Monday, June 18, 2007

I have been associated with Dgplug since april 2006,in this last 1 year (i year 2 months to be specific ) i came to know lot about linux and the Foss world.
This create a strong enthusiam in me for Free and Open source software.
With my this very little knowledge i would like to share a view.

In February 2007 , a meeting was held in Dr.B.C.Roy Engg.College regarding introduction of FOSS electives in our syllabus with WBUT in association with NRCFOSS.

there i came upon a phrase that meaned ' Zero percent tolerance for pirated software'.
Thereby i came across this many times after.

In context with a fake raid by Microsoft and the above ,there lies a loophole in the idea itself.

Suppose i own a computer centre having 10 computers. i ,due to my above mentioned principle,have all genuine propeitary software(say microsoft windows xp and associates) installed in it.
As per schedule say 10 students come across this computers and they are learning something.In any general case few of the following happens:-

1) the student gets gets a wrong idea that microsoft and computer are inevitable part of computing.

2) Even if they didn't ,there lies a strong possibility that every time that student wants to do something regarding computers he/she looks for a familier platform( andas in most cases and here also its Propetiry Soft).

3)Apart from the above ,if each student has a computer in his home ,Despite off all tries there lies very less possibity that each student will buy a genuine copy of propeitary OS and associates.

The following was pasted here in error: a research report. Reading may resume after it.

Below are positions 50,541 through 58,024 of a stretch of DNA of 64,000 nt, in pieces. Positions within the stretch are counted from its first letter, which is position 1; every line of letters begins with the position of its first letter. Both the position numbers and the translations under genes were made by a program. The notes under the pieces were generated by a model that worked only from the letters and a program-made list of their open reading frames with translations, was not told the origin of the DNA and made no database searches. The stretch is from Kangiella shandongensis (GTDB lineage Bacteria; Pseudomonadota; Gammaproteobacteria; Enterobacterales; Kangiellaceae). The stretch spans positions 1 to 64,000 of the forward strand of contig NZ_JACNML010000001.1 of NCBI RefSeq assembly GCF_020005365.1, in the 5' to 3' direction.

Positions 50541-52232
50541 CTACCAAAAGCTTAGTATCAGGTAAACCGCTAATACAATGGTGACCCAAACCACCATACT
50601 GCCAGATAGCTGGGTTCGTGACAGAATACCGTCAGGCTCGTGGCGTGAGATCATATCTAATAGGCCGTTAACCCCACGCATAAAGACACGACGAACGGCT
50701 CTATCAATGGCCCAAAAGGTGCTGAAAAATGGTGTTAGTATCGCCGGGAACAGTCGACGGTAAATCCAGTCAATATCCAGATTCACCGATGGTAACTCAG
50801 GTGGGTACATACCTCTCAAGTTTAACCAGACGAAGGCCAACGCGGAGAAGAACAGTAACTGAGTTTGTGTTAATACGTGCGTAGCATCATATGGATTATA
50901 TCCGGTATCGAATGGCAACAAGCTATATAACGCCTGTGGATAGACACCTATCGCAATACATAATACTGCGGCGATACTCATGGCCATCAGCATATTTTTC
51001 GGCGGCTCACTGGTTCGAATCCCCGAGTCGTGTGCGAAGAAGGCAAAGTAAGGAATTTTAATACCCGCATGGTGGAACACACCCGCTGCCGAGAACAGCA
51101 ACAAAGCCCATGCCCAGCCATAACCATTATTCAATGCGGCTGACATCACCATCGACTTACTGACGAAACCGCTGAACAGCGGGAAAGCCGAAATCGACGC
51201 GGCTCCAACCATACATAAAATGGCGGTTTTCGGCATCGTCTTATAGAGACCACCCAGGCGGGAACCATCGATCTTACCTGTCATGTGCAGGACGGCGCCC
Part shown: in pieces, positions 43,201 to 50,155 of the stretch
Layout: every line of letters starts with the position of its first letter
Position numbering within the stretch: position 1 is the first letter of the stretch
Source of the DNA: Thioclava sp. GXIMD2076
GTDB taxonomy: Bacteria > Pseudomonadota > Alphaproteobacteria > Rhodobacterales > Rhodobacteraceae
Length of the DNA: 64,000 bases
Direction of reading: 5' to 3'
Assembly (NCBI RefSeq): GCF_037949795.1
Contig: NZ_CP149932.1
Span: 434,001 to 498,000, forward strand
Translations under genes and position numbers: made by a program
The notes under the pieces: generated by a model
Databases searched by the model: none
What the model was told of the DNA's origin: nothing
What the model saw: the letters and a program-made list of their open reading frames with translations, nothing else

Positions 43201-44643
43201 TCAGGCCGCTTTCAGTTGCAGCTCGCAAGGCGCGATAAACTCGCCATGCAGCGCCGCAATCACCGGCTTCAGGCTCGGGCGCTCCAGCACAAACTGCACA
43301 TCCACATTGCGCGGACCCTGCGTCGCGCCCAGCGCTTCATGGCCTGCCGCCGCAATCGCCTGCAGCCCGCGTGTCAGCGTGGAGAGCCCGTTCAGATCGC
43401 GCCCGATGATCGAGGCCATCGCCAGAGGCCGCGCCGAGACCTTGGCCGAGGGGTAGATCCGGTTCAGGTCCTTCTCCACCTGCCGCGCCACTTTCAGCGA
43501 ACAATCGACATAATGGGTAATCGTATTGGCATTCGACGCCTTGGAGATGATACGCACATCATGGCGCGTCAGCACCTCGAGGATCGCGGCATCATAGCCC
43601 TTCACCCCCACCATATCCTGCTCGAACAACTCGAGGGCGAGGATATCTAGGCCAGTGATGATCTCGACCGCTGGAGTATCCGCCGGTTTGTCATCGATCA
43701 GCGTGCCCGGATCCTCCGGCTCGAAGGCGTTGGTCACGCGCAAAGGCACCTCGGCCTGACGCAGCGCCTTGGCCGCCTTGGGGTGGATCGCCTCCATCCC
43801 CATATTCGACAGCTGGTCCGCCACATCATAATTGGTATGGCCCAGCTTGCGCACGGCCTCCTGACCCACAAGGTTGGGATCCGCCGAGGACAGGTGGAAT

So even though the try is to lessen piracy,it acually giving a boost to it.

While on the Other hand if the knowledge is shared using FOSS softwares,not only piracy gets lessened( due to no need of it any more) but also knowledge gained is much more than above mentioned case due to availability of a good number of choices.

So we can very easily conclude FOSS not only give us a chance to curb piracy but also increase knowledge.

Only need is to convice the syllabus designing bodies and educational heads about the importance of FOSS.


Abhishek said...

The first thing, I believe, any student would look for is a familiar looking platform. Linux covers it since all distros can be customised to have KDE or GNOME or XWindows if one is a little adventerous. So I guess ones they get the look and feel, they can formulate the nitty-gritties pretty easily.

Subhodip Biswas said...

Here the question is not of linux but of FOSS(free and open source software in general) Using FOSS tools broadens your idea about what exactly you need.